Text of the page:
With different faces of rebellion being seen on either side of the Atlantic, Young Fabians chair Sara Ibrahim looks at the various aspects of political loyalty.
In politics there has been an increasing premium placed on loyalty. This has often been perceived to come at the expense of doing the right thing. If you want to climb to the heady heights of political power, then the prevailing orthodoxy has been that you follow the line of your party, regardless of whether you agree with it.
The events of recent days have therefore provoked an interesting question to one’s mind: when is rebellion a good thing? On Wednesday night, David Cameron and the coalition government suffered a blow when 53 tory rebels voted with Labour on an amendment proposing real term EU budget cuts.
For Cameron and Clegg, the timing could not have been worse. It is the eve of EU budget negotiations and their set negotiating position was for a budget freeze.
This isn’t a piece on the merits or demerits of the respective parties’ positions on the EU budget; instead it throws up a more interesting question about the value of towing the party line and when you should depart from it.
There is a tension that plays out in the minds of most politicians: Do you put your own values above those of your party? To opt to answer ‘no’ is not to be a sell out as many believe. For politicians to have any impact they have to act in concert with one another.
Those steeped in the Labour tradition in the UK will often advocate values of solidarity and collective action. Lack of discipline within a political party can therefore undermine not only the reputation of the whips and the leadership but also the ability to deliver on the manifesto commitments on which many were elected.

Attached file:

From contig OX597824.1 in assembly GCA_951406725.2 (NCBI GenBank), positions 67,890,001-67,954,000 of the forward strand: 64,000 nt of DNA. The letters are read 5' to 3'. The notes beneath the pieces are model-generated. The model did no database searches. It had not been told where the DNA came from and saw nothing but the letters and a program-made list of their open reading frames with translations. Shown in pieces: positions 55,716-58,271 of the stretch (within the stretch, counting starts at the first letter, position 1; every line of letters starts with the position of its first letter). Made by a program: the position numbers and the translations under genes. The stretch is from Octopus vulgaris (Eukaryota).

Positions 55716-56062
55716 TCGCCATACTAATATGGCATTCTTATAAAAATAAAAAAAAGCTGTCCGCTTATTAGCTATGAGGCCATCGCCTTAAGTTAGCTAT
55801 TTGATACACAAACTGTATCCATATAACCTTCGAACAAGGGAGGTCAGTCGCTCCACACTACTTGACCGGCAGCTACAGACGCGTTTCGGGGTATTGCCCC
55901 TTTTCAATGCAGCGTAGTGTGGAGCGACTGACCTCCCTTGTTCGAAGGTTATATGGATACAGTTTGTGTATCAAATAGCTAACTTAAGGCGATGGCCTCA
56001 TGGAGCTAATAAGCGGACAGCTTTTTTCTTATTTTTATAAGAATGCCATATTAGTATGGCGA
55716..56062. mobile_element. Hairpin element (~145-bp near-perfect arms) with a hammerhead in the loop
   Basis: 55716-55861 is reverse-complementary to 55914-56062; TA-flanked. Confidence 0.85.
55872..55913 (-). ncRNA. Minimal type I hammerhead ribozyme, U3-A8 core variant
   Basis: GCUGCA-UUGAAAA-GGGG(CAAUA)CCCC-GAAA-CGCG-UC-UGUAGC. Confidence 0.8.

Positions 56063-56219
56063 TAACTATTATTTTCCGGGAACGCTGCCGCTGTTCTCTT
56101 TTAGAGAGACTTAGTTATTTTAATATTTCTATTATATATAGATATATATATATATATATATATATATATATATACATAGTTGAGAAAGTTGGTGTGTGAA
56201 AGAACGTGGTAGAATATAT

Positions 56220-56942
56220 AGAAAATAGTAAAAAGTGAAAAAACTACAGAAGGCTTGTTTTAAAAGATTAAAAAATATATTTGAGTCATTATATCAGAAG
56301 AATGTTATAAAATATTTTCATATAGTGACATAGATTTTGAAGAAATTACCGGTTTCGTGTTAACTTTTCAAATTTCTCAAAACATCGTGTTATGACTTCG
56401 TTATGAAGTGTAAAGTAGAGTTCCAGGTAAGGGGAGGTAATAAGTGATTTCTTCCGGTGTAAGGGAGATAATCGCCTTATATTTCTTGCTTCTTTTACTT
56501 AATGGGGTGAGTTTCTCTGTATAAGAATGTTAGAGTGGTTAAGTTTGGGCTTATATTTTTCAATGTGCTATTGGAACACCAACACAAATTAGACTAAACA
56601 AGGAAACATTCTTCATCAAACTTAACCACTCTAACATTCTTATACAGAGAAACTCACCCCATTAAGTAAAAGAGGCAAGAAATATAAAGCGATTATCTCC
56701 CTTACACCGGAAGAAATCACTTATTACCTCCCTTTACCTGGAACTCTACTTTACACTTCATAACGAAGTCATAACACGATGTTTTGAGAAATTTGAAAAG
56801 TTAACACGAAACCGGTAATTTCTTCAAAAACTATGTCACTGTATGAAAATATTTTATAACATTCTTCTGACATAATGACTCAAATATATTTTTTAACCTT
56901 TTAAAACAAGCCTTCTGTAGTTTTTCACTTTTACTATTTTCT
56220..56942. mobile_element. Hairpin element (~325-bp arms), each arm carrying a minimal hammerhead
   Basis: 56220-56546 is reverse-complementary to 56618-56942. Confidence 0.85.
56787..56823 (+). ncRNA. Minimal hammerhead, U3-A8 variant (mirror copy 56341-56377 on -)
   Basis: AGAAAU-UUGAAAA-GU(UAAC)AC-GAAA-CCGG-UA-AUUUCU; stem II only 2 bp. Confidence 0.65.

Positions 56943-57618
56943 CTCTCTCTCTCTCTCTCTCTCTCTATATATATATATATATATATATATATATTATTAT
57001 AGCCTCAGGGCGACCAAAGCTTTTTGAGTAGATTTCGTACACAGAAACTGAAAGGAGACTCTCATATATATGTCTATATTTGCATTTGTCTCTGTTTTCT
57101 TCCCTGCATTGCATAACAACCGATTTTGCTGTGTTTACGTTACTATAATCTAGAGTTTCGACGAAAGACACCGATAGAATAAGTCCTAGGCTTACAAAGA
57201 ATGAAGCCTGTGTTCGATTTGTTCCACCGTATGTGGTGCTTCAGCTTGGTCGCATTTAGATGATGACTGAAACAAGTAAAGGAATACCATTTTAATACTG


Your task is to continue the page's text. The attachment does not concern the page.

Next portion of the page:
Despite realising this political reality of the need for party solidarity, there are principles that trump it. To me, that is the greater recognition that ultimately politics is a means rather than an ends. For those who operate in the political world to remain authentic, they must sometimes depart from the accepted script.
In support of this contention, I rely on the unexpected comments of Governor Chris Christie in support of President Obama’s reaction to Hurricane Sandy. Christie gave a keynote speech at the Republican National Convention only a few months ago in Tampa and has been hotly tipped as a future Republican Presidential candidate.
At the convention, he made it clear he saw the Republicans as the true truth tellers to the American people. In what was perhaps a portentous moment, he called for a “new era of truth-telling”.
Few could have predicted this straight talking politician meant he would be referring to Obama’s handling of the devastation visited on the east coast of America as “outstanding”. When asked by an interviewer about whether Mitt Romney would visit New Jersey, Christie gave him short shrift for focusing on presidential politics.
What are we to make of a hardened Republican like Christie overflowing with praise for Obama? Well maybe in politics there are some things more important than strategising, like putting the people you represent first. That’s why most people go into politics in the first place right?
I leave the last words on the matter to Christie:
“Right now i have nothing but praise for the way the administration has handled that, and co-ordinated with us at the state level… This is the oath I took, and I quite frankly don’t care about the election at this moment…
“I’ve got lives to protect and rebuild in my state, and if the President of the United States does a good job, I will praise him…He deserves and has earned my praise and he’ll get it, regardless of what the calendar says, because this is much more important than politics, this is the lives of the people of my state.”
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